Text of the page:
As part of the US federal government’s effort to speed the development of quantum computers, the National Science Foundation (NSF) has awarded the University of California, Berkeley, $25 million over five years to establish a multi-university institute focused on advancing quantum science and engineering and training a future workforce to build and use quantum computers.
The UC Berkeley-led center is one of three Quantum Leap Challenge Institutes (QLCI) announced on July 21, 2020, by NSF and represents a $75 million investment. The initiatives are a central part of the National Quantum Initiative Act of 2018, the White House’s Industries of the Future program and NSF’s ongoing Quantum Leap effort.
The QLCI for Present and Future Quantum Computation connects UC Berkeley, UCLA, UC Santa Barbara and five other universities around the country, harnessing a wealth of experimental and theoretical quantum scientists to improve and determine how best to use today’s rudimentary quantum computers, most of them built by private industry or government labs.
The group plans to focus on three experimental platforms that use different quantum systems as qubits: trapped ions, trapped atoms and superconducting circuits.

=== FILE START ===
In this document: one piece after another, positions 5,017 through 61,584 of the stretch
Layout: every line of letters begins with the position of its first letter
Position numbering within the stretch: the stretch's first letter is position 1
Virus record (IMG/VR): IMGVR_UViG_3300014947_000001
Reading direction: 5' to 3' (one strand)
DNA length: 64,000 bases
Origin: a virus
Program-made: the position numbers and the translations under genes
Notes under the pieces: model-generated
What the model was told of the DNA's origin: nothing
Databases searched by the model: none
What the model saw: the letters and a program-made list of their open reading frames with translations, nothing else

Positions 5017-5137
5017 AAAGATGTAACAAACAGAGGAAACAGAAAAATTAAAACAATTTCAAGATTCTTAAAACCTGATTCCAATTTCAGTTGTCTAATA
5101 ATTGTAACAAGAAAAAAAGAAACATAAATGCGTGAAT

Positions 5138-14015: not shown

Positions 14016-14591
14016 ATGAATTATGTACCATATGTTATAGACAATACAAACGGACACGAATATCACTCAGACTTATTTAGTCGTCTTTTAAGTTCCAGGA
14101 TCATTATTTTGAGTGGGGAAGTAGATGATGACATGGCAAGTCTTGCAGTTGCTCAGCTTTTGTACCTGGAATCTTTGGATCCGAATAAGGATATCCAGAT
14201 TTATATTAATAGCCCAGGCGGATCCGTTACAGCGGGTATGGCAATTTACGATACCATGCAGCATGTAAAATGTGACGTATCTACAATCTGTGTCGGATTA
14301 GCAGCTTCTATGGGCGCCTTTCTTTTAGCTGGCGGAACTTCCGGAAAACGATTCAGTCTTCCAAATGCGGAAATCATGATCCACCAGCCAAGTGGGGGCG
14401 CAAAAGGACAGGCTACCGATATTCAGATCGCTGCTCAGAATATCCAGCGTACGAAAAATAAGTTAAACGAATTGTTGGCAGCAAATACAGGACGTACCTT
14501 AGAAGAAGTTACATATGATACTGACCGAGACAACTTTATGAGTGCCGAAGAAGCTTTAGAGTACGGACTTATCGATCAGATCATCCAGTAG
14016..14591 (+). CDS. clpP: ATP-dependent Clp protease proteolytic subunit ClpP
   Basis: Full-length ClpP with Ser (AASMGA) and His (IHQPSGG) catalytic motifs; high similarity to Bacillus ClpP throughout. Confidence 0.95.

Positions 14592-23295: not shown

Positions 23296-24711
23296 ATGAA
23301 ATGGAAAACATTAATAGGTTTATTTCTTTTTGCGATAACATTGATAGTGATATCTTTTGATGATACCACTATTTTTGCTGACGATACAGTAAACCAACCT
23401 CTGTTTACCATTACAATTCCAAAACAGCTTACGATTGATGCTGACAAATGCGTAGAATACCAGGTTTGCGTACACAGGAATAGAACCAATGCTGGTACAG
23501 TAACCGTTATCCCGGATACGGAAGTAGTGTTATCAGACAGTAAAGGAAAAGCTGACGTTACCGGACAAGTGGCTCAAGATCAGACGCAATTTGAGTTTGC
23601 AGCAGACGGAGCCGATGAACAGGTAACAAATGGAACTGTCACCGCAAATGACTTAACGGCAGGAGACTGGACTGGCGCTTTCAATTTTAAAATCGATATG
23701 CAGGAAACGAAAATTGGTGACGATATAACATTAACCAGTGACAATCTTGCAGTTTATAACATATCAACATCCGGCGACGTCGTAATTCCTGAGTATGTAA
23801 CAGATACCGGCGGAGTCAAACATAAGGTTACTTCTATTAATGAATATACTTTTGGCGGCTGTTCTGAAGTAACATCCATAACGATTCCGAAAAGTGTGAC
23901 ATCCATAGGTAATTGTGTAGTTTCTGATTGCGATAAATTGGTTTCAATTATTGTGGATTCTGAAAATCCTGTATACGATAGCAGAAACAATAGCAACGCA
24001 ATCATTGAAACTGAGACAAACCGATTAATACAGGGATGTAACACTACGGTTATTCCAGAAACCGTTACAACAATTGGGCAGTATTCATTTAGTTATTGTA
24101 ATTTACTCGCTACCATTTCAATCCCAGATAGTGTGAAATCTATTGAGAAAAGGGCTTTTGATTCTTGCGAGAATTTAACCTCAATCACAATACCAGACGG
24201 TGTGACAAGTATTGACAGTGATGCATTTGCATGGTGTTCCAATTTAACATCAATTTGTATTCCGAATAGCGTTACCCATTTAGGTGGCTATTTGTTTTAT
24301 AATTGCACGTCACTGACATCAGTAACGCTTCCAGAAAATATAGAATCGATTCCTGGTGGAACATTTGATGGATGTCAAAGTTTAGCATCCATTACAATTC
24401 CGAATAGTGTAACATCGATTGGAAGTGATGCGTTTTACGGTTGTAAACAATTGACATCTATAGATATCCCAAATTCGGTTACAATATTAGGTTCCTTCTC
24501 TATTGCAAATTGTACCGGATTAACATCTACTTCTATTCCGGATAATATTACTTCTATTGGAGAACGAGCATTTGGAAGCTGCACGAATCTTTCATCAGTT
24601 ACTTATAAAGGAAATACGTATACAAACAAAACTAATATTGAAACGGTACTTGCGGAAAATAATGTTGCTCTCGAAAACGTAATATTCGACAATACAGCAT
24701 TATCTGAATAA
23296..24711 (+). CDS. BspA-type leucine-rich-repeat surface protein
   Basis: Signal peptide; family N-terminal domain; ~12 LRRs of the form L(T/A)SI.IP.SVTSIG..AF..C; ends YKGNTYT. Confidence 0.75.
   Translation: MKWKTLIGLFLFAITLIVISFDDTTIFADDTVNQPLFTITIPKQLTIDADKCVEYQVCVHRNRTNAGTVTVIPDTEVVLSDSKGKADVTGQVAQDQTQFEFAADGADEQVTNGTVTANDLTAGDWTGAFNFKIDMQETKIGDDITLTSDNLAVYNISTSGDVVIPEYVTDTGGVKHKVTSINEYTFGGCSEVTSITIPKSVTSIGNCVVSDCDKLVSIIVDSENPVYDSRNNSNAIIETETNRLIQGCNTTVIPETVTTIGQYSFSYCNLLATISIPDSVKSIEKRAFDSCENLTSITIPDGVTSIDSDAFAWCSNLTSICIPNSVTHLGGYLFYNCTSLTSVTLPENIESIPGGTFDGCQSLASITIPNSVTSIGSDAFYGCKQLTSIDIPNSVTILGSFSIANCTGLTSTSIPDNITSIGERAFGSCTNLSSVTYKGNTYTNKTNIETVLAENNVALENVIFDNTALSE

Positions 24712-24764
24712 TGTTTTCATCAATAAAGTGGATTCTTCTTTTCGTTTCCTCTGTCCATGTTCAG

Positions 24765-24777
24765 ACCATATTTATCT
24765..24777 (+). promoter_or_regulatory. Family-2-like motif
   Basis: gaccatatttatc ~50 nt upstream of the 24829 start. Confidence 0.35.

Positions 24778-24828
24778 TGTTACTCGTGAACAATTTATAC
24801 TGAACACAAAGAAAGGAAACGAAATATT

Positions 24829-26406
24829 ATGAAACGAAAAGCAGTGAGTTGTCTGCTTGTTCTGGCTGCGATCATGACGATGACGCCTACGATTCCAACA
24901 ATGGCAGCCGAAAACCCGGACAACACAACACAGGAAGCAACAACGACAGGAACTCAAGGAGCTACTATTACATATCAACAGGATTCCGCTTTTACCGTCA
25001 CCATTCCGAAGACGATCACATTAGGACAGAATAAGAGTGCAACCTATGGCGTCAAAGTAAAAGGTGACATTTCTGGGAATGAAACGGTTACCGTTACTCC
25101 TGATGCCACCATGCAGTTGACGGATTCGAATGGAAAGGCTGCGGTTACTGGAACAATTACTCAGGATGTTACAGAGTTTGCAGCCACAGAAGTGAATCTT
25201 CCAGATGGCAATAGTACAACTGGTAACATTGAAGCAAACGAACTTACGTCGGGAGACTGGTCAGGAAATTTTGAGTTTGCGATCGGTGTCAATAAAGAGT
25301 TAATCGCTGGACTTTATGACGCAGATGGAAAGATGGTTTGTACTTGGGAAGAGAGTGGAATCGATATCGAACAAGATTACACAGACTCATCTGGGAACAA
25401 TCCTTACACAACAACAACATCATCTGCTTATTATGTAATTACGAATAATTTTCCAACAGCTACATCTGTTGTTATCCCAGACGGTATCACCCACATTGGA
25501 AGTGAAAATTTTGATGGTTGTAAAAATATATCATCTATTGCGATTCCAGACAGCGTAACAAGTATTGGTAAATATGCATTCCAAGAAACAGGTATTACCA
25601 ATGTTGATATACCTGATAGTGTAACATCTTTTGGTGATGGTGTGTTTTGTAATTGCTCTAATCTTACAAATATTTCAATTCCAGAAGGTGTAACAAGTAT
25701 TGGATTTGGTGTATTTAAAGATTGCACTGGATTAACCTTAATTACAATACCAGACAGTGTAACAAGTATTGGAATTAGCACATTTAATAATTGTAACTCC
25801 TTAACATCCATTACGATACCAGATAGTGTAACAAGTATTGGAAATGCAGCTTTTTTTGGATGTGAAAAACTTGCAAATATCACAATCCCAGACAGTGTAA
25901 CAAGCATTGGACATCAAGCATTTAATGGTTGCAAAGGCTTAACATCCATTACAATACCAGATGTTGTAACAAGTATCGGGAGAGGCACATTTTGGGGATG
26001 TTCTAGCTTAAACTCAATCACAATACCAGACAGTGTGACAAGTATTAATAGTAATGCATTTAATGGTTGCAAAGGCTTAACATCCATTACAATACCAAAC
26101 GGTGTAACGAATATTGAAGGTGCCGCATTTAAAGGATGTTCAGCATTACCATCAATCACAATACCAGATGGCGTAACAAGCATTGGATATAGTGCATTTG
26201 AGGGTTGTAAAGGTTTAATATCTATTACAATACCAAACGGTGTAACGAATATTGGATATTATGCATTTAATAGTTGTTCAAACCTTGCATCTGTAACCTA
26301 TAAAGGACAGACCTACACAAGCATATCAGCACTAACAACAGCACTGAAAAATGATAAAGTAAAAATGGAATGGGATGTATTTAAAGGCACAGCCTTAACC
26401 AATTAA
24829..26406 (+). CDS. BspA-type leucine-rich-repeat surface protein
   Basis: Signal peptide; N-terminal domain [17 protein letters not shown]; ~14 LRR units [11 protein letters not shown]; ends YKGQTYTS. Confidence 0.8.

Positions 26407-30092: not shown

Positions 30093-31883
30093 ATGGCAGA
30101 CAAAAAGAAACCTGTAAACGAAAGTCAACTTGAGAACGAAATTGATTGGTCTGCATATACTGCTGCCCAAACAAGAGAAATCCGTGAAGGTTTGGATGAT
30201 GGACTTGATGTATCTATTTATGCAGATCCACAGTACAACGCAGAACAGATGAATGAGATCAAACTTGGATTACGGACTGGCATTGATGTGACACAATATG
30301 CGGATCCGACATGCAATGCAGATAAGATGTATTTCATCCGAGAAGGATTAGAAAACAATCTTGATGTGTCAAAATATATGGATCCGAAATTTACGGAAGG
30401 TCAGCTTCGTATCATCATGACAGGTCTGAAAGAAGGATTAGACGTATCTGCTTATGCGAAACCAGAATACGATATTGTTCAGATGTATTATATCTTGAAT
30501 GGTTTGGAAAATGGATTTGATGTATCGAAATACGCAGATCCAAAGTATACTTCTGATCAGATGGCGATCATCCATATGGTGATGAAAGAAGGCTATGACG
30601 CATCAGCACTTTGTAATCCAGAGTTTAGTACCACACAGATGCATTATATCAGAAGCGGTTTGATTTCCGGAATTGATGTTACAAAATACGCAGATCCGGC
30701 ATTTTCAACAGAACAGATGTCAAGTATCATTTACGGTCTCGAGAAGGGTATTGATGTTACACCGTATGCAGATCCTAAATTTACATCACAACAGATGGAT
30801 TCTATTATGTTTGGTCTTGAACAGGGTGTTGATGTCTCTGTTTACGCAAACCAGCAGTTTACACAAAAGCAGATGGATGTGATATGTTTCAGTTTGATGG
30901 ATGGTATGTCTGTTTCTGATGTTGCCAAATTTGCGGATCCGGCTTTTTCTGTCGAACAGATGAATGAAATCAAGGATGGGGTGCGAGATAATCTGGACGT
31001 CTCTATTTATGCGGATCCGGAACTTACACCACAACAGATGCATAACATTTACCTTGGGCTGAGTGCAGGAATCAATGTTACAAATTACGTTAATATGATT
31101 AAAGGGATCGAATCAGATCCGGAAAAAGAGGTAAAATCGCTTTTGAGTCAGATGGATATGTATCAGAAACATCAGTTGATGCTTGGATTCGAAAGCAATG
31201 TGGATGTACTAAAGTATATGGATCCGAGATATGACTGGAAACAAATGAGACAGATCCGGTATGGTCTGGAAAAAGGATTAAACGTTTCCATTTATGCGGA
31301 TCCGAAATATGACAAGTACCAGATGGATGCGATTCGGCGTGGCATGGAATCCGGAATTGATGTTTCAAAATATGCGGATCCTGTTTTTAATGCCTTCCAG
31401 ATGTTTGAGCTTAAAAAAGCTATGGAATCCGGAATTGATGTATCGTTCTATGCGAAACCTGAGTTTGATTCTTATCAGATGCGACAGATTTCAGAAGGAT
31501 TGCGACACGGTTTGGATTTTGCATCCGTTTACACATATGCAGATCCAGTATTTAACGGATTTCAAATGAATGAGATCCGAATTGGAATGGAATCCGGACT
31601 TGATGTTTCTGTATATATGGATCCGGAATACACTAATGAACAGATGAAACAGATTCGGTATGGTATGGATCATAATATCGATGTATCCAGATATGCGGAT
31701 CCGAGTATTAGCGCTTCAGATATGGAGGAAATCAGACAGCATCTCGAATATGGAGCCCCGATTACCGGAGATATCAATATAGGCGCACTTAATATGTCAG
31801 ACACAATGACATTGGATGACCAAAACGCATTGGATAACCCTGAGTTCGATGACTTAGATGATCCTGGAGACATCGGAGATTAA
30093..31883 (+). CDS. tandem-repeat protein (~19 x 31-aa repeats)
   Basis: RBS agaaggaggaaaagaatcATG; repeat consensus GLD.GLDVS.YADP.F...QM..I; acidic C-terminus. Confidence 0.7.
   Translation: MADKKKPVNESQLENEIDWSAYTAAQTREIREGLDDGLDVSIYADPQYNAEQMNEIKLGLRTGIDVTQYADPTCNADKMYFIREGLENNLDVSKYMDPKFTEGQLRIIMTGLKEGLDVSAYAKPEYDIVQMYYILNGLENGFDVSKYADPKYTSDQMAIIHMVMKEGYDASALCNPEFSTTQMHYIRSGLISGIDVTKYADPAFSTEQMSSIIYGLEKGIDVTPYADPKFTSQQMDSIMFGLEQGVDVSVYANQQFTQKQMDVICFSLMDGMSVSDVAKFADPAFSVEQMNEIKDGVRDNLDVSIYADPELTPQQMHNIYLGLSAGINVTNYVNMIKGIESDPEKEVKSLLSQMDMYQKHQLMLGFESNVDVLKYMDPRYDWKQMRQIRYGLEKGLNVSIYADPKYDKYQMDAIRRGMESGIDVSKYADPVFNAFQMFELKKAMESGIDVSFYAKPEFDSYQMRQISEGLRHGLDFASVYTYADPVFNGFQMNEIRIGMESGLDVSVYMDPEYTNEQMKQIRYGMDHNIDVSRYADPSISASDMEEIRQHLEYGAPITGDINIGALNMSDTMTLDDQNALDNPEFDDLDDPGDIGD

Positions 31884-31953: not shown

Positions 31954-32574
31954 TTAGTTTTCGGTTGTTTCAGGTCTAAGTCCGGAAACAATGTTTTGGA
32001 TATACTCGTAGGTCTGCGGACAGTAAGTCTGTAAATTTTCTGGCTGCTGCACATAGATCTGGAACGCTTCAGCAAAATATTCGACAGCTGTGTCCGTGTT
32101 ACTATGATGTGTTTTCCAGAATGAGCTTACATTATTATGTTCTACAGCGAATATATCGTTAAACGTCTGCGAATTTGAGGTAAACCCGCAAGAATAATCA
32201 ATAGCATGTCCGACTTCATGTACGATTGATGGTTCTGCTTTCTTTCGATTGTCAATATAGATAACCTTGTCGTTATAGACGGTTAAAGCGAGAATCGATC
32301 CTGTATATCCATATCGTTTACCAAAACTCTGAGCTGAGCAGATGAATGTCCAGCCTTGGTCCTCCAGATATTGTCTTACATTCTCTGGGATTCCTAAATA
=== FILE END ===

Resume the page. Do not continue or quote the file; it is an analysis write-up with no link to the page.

The grant will foster interactions among researchers and doctoral students from many fields with the help of fellowships, conferences and workshops. But a major component will be training a future workforce akin to the way computer science training at universities like UC Berkeley and Stanford fueled Silicon Valley’s rise to become a tech giant. UCLA will pilot a master’s degree program in quantum science and technology to train a quantum-smart workforce, while massive online courses, or MOOCs, will help spread knowledge and understanding of quantum computers even for high school students.
The two other $25 million Quantum Leap Challenge Institutes announced today are centered at the University of Colorado, Boulder, and the University of Illinois, Urbana-Champaign, and will focus on quantum sensing and quantum networks, respectively. (SciTechDaily)